Center for Policing Equity Statement on the Biden Administration’s "Executive Order on Advancing Effective, Accountable Policing and Criminal Justice Practices to Enhance Public Trust and Public Safety"

May 26, 2022

Center for Policing Equity:

New Haven, CT - Today, the Center for Policing Equity released the following statement regarding the Biden Administration’s new executive order on policing:

The executive order (EO) on policing and public safety that President Biden signed on Wednesday is a policy win that ultimately falls far short of what communities, policy analysts, and advocates have called for in the two years since George Floyd's murder. The Center for Policing Equity (CPE) is heartened by the effort but unsatisfied by its scope. We urge the president, his administration, and Congress to continue the work toward a more fundamental reshaping of public safety.

Students of history will recognize the pattern the administration comes perilously close to repeating: In 1967, President Johnson responded to racist police violence with the Kerner Commission; the commission's report recommended structural changes to the policing of Black communities. In 1992, then-presidential candidate Bill Clinton stressed the importance of an honest reckoning with race in this country; in 1994, President Clinton oversaw the creation of the Community Oriented Policing Services (COPS) program, which invested more funds in law enforcement and urged the public to offer "respect and support" to officers. In 2014, President Obama established the Taskforce on 21st Century Policing; the task force held seven hearings with 140 witnesses and reviewed massive amounts of testimony from the general public, ultimately releasing recommendations and an implementation guide.

For more than fifty years, every time a major issue has arisen around race and policing, the federal government has cast somber eyes on the problem, as if seeing it for the first time–as if Black, Brown, and Indigenous communities have not already testified, time and again, to the fact that those empowered by the state to protect them engage, instead, in violent behavior that compounds generational traumas. For more than fifty years, these communities have gotten commissions, reports, the occasional new federal body, and a wealth of promises–but only rarely have we seen Congressional action, follow-through on recommended structural changes, or evidence-driven assessment of those recommendations' efficacy.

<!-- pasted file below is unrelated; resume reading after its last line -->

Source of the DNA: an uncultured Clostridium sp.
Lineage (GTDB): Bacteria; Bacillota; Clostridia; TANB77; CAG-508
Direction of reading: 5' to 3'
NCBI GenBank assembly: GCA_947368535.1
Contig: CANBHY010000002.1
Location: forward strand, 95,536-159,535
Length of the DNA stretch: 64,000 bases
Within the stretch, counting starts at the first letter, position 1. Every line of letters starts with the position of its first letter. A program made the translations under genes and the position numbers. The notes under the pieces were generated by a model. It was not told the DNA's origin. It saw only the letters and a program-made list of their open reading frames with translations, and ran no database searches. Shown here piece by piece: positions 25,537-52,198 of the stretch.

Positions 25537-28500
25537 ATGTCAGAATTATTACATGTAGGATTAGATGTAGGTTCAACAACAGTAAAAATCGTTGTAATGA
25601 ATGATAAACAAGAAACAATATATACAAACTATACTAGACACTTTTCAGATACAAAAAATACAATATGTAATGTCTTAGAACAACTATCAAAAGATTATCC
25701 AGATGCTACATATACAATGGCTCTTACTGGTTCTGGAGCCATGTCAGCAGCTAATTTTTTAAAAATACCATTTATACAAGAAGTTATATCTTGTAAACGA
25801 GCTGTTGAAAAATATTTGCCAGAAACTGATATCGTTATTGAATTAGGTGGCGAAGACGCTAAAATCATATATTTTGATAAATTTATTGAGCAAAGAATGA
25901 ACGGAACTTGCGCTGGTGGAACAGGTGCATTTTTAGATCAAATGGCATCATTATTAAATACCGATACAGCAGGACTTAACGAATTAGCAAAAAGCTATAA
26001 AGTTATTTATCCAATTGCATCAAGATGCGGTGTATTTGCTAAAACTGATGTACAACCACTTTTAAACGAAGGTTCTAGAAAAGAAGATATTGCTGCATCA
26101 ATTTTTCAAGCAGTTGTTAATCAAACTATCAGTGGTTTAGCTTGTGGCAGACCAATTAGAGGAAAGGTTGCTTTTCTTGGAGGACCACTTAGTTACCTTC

President Biden’s EO deviates from this pattern in that it represents an attempt by the executive branch to accomplish something the legislative branch has abjectly failed to do–but like its antecedents, it is not a comprehensive plan to ensure that the descendants of African slaves and other vulnerable communities will one day have a fundamentally different relationship with state violence. 

We acknowledge the potential value of several elements of the EO, such as the introduction of use-of-force data collection, an accountability database, and a commitment to study and address the impacts of law enforcement's use-of-force in vulnerable communities. However, such ideas are only as good as their implementation. If the administration fails to engage data science experts, public health researchers, and, crucially, the communities most affected by the violence in its efforts, those efforts will almost certainly fail.

"Those with the greatest expertise in law enforcement disparities are the Black and Brown communities that have carried the burden of inequitable policing throughout this nation’s history,” said Eric Cumberbatch, CPE's Senior Vice President of Policy & Community Engagement. “They and the scientists, practitioners, and organizers who work closely with them have already invested years in developing innovative ideas for shrinking law enforcement’s footprint and designing non-police solutions. What they need now is investment in, collaboration on, and support for the work they've already done.”

For more than fifty years, the federal government has attempted to address a history of egregiously inequitable policing with old ideas and the good intentions of the man in the Oval Office. Those efforts have, manifestly, failed. The time has long since come to do something different. 

CPE calls on the Biden administration to view Wednesday's EO not as a goal met but as a first step on the path toward the transformative, community-driven redesign of public safety so necessary to building communities that are safe, healthy, and equitable. 

###

About Center for Policing Equity: As a research and action organization, Center for Policing Equity (CPE) produces analyses identifying and helping to reduce the causes of racial disparities in law enforcement. Using evidence-based approaches to social justice, we use data to create levers for social, cultural, and policy change. Center for Policing Equity also holds a 501(c)3 status.